Pentagon Moves B-52 Bombers to Military Base to Prepare for Potential Iran Strike
US sends 6 strategic bombers to Diego Garcia after threats over terrorist Soleimani death
The Pentagon has moved six B-52 strategic bombers to the Diego Garcia military base in the Indian Ocean as the US prepares for a potential strike against Iran following threats of retaliation for the killing of Iranian terrorist Qassem Soleimani.
The US Defense Department is sending warplanes to the base in the northern Indian Ocean as preparations for possible military action against Iran move forward.
The B-52 bombers will be available for operations against the Islamic Republic if ordered into action, Pentagon officials reportedly told CNN on Monday.
The deployment does not signal a decision has been made about any attack plans, however.
The United States maintains several military bases in close proximity to Iran in a number of Middle Eastern countries.
Officials have chosen to deploy its bombers to Diego Garcia due to it being out of reach of Iran’s longest-range missiles, according to the Pentagon.
The move is the latest in efforts by U.S. military officials to bolster resources near the Middle East after the Iraqi Shia militia Kataib Hezbollah hinted at possible retaliatory attacks to avenge Soleimani's death, according to Fox News.
The B-52 bombers reportedly were spotted departing from Barksdale Air Force Base in Louisiana to Diego Garcia, which is located 3000 miles south of Iran’s southernmost tip.
Each aircraft has eight engines and is designed to carry a large cache of weapons including cruise missiles, conventional and laser-guided bombs, and nuclear gravity bombs.
The U.S. military previously had sent a bomber task force to Qatar in May, but the bombers left after a few months, a U.S. defense official said.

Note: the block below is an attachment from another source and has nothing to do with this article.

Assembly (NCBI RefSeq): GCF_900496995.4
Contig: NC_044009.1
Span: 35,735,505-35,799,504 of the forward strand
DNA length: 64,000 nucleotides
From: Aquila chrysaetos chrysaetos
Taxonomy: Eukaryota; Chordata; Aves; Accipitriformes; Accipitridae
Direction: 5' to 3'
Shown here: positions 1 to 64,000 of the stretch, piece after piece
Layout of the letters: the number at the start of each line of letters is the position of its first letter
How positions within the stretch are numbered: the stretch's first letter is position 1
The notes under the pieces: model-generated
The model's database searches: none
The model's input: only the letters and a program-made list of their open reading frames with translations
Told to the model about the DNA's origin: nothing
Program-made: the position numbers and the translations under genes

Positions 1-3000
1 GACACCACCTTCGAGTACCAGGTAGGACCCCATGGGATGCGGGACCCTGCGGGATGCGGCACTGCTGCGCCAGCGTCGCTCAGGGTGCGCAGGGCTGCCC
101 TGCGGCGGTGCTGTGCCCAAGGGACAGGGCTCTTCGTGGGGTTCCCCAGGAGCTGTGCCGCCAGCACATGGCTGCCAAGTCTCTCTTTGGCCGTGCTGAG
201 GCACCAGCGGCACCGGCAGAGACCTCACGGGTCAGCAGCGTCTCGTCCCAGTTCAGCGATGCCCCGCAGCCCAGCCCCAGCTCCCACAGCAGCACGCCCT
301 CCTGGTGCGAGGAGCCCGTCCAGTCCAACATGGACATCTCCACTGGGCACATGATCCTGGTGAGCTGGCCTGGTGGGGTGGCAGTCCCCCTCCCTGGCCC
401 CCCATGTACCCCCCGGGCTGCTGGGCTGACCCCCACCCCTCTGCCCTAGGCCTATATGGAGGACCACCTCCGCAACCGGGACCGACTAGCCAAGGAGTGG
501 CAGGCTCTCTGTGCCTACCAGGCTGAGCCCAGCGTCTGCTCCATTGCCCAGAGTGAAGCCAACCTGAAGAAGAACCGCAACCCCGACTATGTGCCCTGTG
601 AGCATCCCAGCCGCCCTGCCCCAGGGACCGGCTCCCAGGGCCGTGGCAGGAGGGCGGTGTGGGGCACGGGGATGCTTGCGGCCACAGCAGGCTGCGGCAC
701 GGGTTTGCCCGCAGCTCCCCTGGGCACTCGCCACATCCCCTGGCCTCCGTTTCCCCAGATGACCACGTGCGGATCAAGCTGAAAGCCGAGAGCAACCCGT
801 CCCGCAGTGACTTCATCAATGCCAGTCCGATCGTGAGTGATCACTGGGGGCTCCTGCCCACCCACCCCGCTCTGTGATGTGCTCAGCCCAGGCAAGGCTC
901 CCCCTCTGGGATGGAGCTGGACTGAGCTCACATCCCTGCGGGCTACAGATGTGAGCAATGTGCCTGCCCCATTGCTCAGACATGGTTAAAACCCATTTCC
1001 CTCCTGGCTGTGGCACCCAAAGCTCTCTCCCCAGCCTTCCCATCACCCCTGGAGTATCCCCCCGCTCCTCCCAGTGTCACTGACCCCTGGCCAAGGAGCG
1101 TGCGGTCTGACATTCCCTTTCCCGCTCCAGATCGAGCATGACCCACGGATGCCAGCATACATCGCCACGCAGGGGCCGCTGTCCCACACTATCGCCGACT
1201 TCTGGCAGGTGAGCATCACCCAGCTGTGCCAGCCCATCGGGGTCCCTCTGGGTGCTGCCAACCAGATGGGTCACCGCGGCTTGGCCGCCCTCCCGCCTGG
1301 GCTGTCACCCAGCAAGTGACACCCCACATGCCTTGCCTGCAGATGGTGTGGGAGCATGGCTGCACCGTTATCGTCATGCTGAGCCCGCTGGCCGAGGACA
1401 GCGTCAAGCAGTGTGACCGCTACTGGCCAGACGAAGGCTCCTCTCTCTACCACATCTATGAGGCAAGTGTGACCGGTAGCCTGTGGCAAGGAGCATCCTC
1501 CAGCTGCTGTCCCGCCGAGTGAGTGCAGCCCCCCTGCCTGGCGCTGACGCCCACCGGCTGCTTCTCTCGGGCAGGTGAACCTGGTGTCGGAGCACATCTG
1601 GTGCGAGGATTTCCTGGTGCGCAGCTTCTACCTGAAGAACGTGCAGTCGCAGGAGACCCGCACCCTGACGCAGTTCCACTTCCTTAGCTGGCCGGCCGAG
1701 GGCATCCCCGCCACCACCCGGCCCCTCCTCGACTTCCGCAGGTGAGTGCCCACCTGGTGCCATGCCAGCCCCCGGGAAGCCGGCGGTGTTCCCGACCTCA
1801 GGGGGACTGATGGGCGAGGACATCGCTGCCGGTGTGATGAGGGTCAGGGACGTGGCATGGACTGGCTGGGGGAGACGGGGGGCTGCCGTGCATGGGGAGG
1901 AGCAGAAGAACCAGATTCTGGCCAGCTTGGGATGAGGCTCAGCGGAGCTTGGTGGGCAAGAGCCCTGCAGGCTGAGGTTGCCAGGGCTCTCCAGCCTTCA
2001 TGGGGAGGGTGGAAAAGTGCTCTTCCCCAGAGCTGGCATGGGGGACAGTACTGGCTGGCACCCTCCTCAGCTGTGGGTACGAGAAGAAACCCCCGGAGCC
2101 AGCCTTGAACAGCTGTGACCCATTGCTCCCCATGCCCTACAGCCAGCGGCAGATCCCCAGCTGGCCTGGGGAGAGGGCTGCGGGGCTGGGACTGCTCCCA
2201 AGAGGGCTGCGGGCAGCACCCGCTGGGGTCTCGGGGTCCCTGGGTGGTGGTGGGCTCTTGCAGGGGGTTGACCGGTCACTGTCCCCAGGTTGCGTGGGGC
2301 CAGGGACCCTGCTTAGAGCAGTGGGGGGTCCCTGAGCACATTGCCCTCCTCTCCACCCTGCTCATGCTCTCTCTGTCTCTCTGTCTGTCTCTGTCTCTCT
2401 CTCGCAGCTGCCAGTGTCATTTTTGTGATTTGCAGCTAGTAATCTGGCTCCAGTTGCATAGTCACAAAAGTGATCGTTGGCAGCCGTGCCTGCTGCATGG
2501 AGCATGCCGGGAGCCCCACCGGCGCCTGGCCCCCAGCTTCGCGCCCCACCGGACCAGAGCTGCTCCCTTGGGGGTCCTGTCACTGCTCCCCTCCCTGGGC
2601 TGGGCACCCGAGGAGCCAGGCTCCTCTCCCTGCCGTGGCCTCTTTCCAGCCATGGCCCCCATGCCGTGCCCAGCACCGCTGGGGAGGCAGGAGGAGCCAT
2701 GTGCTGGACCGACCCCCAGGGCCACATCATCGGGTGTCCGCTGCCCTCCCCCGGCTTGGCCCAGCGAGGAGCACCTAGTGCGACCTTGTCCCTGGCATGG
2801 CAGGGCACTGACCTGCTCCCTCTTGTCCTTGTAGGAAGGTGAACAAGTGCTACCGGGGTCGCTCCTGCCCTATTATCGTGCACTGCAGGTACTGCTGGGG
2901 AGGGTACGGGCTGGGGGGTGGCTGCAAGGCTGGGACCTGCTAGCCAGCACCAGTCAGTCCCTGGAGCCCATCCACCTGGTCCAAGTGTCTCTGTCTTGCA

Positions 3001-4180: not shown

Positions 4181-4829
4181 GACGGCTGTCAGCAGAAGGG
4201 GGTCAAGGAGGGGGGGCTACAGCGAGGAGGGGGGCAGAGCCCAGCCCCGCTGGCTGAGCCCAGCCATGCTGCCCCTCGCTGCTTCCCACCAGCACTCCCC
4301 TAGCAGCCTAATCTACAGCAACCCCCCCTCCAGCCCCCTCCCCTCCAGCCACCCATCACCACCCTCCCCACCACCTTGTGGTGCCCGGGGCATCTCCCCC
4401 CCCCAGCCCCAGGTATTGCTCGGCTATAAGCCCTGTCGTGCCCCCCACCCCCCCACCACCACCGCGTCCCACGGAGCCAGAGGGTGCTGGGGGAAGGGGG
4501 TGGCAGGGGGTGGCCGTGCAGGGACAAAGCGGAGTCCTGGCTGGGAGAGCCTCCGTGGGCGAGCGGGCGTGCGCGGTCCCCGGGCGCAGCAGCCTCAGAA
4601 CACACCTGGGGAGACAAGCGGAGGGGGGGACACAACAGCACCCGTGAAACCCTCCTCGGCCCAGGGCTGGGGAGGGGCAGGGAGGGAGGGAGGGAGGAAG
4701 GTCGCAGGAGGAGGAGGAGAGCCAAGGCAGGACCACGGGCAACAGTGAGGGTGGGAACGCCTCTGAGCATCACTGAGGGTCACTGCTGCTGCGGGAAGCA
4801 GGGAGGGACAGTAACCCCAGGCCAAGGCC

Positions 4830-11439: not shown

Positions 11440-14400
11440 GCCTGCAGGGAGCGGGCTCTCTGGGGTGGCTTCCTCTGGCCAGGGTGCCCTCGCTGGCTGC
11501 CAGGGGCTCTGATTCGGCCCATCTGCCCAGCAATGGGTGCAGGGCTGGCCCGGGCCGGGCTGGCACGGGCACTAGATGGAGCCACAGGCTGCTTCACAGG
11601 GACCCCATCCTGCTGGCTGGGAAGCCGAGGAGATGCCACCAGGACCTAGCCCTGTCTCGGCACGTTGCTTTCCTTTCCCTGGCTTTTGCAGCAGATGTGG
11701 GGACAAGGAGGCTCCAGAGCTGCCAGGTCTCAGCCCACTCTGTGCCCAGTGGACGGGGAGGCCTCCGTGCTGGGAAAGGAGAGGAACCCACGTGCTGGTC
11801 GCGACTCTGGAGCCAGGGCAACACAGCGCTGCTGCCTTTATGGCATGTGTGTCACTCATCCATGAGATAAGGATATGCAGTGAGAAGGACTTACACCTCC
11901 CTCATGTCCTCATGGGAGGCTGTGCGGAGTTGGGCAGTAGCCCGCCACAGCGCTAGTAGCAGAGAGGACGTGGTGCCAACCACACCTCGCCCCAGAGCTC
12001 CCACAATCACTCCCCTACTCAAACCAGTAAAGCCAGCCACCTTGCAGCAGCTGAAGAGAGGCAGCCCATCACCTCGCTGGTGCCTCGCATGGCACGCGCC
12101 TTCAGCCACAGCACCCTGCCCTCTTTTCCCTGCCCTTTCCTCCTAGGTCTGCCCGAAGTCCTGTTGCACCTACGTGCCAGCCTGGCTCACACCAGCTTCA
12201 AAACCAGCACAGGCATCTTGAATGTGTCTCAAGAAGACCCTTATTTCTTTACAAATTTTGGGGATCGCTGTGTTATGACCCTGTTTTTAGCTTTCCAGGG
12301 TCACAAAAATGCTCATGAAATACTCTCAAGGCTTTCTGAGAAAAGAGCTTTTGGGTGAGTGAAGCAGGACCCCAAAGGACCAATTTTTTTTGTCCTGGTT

On Monday, Defense Secretary Mark Esper and Gen. Mark Milley, the chairman of the Joint Chiefs of Staff, attempted to quell confusion about a letter circulating from the U.S. military telling Iraq that it would withdraw troops from the region a day after Iraqi lawmakers approved a resolution calling to expel U.S. troops from the country.
Both Esper and Milley called the unsigned letter a mistake and said the U.S. had no intention of withdrawing troops from the Middle East as tensions ramped up.
Instead, Milley told reporters the U.S. military was bringing in reinforcements from Kuwait and beefing up helicopter force protection inside Iraq, particularly in the heavily fortified Green Zone, which has been bombarded with rocket attacks over the past three days.
The Diego Garcia base is part of the British-held territory of the Chagos Islands, which legally falls under the rule of Mauritius.
Mauritius is an East African island country in the Indian Ocean located about 700 miles from the coast of Madagascar.
The Chagos base was constructed after the UK ousted more than 2,000 island natives from their homes and leased the grounds to the US.
America has been using the base for more than 50 years.
Iran, which has vowed revenge against the US for the drone strike which killed the commander of the terrorist group Quds Force, Qassem Soleimani, has the capability to reach several American bases, ports, and other installations in the region.
In total, Iran could conceivably strike at areas that would place more than 55,000 American soldiers at risk.
If war did break out with Iran, the US has at its disposal machines of war like the B-52 and the B-2 Spirit bombers that can unleash devastating blows.